Published by Kate Leist
on February 18, 2010 at 10:10PM
Continuing a storied Harvard tradition, four women’s hockey players have been nominated for the 2010 Patty Kazmaier Award, given annually to the best player in collegiate women’s hockey.
Senior Christina Kessler and juniors Kate Buesser, Liza Ryabkina, and Leanna Coskren are among 45 nominees for the award. The list of nominees was released by USA Hockey today.
Kessler, a goaltender, finished her career with the Crimson career wins and shutouts records, as well as the NCAA career save percentage record. The senior held a 9-3-3 record this season before her year was ended with an ACL injury in January, but she still ranks fifth nationally in save percentage (.944) and sixth in goals-against average (1.39).
Buesser, a forward, is Harvard’s leading scorer this season, tallying 33 points on 13 goals and 20 assists. She ranks second among ECAC players with 30 conference points, and stands 19th nationally with 1.22 points per game.
Ryabkina has been an offensive force since returning from a dislocated knee in late November, scoring 11 goals in 18 games. Five of those goals came in the Beanpot, and the winger was named tournament MVP for her efforts. Ryabkina’s four game-winning goals are good for eighth in the country.
Coskren’s 16 points are tops among Crimson defenders, and her 15 conference points are third-best among ECAC blueliners. The majority of Coskren’s offensive production has come on the power play, and she is tied for first in conference play with 10 power-play points. The junior also anchors Harvard’s defense, which ranks second nationally with 1.44 goals allowed per game.
The Kazmaier Award has gone to a Crimson player six times in its 12-year history. A.J. Mleczko ’97-’99, Jennifer Botterill ’02-’03, Angela Ruggiero ’02-’04, Julie Chu ’06-’07, and Sarah Vaillancourt ’08-’09 are Harvard’s previous winners, with Botterill taking the trophy twice.
The top 10 finalists for the award will be announced on March 2. The Kazmaier trophy will be presented on March 20 in Minneapolis, Minn. in conjunction with the 2010 NCAA Frozen Four.
Published by Kate Leist
on February 17, 2010 at 10:10PM
As the Harvard women’s hockey team enters the final weekend of its regular season entangled in a tight race for postseason home-ice advantage, five of its alumnae are playing for a different kind of hockey prize.
The Olympic women’s hockey tournament opened on Saturday in Vancouver, and Americans Angela Ruggiero ’02-’04, Julie Chu ’06-’07, and Caitlin Cahow ’07-’08 and Canadians Jennifer Botterill ’02-’03 and Sarah Vaillancourt ’08-’09 are skating for Olympic gold.
The Americans and Canadians are far and away the top two teams in the world and are both heavily favored to advance to the gold-medal game—though as the US team learned in 2006, being favored is not enough, as the Americans were upset by Sweden in the semifinals and had to settle for bronze. But through three days of competition, both squads are living up to the hype.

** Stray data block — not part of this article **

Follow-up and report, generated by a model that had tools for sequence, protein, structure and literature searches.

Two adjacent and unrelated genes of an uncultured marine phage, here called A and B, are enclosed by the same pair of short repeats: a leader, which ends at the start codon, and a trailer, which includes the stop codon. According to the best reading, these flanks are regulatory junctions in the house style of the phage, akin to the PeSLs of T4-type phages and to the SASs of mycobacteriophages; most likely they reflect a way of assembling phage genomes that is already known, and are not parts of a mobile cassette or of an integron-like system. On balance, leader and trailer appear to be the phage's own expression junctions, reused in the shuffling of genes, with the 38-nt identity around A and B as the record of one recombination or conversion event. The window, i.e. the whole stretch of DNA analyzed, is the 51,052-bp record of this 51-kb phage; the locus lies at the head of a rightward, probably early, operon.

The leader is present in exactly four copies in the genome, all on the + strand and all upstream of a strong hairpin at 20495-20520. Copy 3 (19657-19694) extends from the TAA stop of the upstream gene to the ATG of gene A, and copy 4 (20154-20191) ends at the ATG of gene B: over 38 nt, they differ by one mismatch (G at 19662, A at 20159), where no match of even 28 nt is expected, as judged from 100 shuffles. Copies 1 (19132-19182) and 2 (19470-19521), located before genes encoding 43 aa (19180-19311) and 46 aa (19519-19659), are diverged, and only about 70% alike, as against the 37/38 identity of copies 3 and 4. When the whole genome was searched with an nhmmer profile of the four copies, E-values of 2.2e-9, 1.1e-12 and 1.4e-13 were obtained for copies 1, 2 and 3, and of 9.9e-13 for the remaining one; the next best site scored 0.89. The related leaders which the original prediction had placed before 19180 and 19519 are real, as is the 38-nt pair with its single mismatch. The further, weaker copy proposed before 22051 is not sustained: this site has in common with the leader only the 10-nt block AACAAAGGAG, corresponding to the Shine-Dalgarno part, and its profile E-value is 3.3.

Canada set the tone in front of its hometown crowd on Saturday with an 18-0 shellacking of Slovakia, the biggest offensive output in Olympic history. Vaillancourt had a goal and two assists against Slovakia and followed up that performance with a goal and an assist in a 10-1 win over Switzerland yesterday.
Botterill added an assist on the Canadians’ final goal in Saturday’s rout.
Not to be outdone, the Americans cruised to a 12-1 win over China on Sunday afternoon. Harvard players bookended the scoring for the US squad, with Ruggiero opening the game with a breakaway backhand early in the first before Chu capped the game with a tally off a rebound from American captain Natalie Darwitz.
Chu also had two assists on the afternoon.
The US team takes on Russia this afternoon at 5:30 pm Eastern time. Both the Canadians and the Americans still have their toughest preliminary matchup ahead of them—Canada plays Sweden tomorrow, and the US plays Finland on Thursday. Those four teams are favored to advance to the medal round.
If football season seems like it took place a decade ago, or if you can’t understand the multiple tie-breaker scenarios in men’s basketball, here’s something to get excited about: men’s lacrosse.
After four straight losing seasons from 2005-2008, Harvard coach John Tillman led his squad to an 8-5 overall record in 2009, including a signature win at No. 5 Duke in the season opener. While last year the Crimson may have had the fortune of flying under the radar, every squad will have its date with Harvard circled on this season's calendar. The Crimson is ranked No. 12 in Inside Lacrosse’s preseason poll, but it won’t catch any breaks throughout the season, as Ivy foes Cornell, Princeton, and Brown also broke the top 20. If you haven’t noticed yet, this is one of the only sports in which the Ivy League can lay claim to being the nation’s premier conference.